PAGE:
St. Keverne

St. Keverne


Home of the Cornish rebellion


St. Keverne Parish Council


St. Keverne village clusters around the square; you'll find whitewashed cottages, a beautiful church, two pubs and a handful of shops. It is accessed along the B3293 from near Helston, about two miles north of Coverack. On summer evenings you might catch the St. Keverne Band, or the Male Voice Choir, and the square really comes alive at the annual festivals of the Ox Roast, Carnival and Rodeo. A short walk out of the village brings you to Tregellast Barton, where you can follow lakeside and woodland nature trails. The population of the village was 2,147 at the 2011 census.

Two Cornish rebellions, one in 1497, the other in 1547, have their roots in St. Keverne. In the church wall, facing the square, there's a memorial stone to the village blacksmith Michael Joseph (an gof), leader of the first uprising. Protesting against the punitive taxes levied by Henry VIII, the uprising was routed on its march to London and Joseph was subsequently hung, drawn and quartered.

The barque 'John' hit The Manacles rocks on the 3rd May 1855 with the loss of over 190 of its passengers, despite the efforts of the local fishermen.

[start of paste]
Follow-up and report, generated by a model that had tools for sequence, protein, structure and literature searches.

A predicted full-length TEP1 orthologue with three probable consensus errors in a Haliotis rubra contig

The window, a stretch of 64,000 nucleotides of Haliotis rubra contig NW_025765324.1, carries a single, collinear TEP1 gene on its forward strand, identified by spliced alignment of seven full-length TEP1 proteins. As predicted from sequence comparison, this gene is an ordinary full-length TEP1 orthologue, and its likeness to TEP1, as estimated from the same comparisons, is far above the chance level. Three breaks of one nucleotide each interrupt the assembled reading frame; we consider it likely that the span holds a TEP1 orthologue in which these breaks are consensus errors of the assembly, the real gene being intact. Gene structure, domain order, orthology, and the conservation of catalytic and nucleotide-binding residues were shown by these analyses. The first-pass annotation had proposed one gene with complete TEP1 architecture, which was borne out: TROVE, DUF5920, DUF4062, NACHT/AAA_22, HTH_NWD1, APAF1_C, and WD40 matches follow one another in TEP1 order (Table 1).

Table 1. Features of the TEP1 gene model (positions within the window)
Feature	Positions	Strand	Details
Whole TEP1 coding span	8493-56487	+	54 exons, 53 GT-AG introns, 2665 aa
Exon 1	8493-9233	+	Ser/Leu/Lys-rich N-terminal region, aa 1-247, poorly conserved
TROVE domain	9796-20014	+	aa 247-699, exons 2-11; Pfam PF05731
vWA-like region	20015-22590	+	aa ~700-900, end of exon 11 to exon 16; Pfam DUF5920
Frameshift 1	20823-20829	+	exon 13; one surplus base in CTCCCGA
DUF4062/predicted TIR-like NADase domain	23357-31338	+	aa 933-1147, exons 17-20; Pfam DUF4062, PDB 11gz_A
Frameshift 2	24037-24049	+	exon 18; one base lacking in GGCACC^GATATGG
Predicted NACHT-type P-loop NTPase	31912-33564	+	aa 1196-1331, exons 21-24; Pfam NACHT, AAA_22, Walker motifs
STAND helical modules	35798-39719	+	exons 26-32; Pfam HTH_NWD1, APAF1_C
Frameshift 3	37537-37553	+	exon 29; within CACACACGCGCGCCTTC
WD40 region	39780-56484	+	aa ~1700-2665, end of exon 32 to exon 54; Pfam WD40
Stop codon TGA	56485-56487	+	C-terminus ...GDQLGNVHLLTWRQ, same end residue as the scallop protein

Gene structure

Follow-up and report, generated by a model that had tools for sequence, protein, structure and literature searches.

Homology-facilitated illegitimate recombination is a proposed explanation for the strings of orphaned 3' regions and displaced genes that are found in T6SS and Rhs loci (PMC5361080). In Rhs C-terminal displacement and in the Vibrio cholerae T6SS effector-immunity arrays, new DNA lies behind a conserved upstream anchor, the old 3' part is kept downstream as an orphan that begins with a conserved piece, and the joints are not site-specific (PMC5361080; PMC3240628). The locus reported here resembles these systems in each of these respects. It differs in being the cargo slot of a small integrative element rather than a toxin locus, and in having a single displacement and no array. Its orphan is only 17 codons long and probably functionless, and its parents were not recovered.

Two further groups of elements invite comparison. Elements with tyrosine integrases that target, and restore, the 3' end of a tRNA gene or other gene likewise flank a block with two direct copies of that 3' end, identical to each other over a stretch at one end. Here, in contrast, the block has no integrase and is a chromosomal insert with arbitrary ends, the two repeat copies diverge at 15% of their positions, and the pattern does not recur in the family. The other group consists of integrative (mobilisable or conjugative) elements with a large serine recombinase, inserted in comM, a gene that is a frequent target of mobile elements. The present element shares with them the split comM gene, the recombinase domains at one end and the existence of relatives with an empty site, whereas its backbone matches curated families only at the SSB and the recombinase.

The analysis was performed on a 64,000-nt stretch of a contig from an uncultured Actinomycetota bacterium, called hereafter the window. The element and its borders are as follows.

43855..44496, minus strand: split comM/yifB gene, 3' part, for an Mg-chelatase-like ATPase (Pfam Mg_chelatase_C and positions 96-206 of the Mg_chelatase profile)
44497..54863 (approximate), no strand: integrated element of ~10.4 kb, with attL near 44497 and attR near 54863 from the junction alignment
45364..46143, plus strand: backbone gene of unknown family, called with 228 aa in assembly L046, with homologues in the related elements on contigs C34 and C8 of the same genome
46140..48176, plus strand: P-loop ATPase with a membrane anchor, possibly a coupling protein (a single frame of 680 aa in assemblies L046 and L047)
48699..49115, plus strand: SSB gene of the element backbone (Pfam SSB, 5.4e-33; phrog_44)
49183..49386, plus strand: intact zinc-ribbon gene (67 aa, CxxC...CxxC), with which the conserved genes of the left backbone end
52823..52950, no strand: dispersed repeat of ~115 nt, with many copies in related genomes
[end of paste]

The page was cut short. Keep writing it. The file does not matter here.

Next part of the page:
In St. Keverne church, dedicated to Saint Akeveranus there's a shipwreck window; and in the churchyard. there is a stark memorial to the 106 lives lost when the liner Mohegan was wrecked in 1898. Just off the coast at Porthoustock (pronounced 'P'rowstock') is the reason why: the Manacles - jagged rocks lying beneath the surface of the water. The village itself was once the haunt of smugglers. In 1762, five men from here brought home 218 barrels of brandy!

A few boats still set sail from the pretty fishing village of Porthallow, where, in 1832 1,400 hogsheads of pilchards were landed in one day. Stroll along the beach for spectacular views of Falmouth Bay, then browse through the collection of shipwreck relics and old photographs in the pub.

Notable Residents

Michael Joseph An Gof (1475-1497) (the "smith" in Cornish), blacksmith, leader of the first Cornish rebellion in 1497.

Charles Incledon (1763–1826), a Cornish tenor singer, who became one of the foremost English singers of his time.

James Polkinghorne (1788–1851) was a champion Cornish wrestler of the 19th century.


St. Keverne Feast Day is held in mid November every year.


Cafes in St.Keverne


Pubs in St. Keverne

Coverack       Helford       Lizard Peninsula       Porthallow       Porthallow Vineyard       Porthoustock       Roskilly's Farm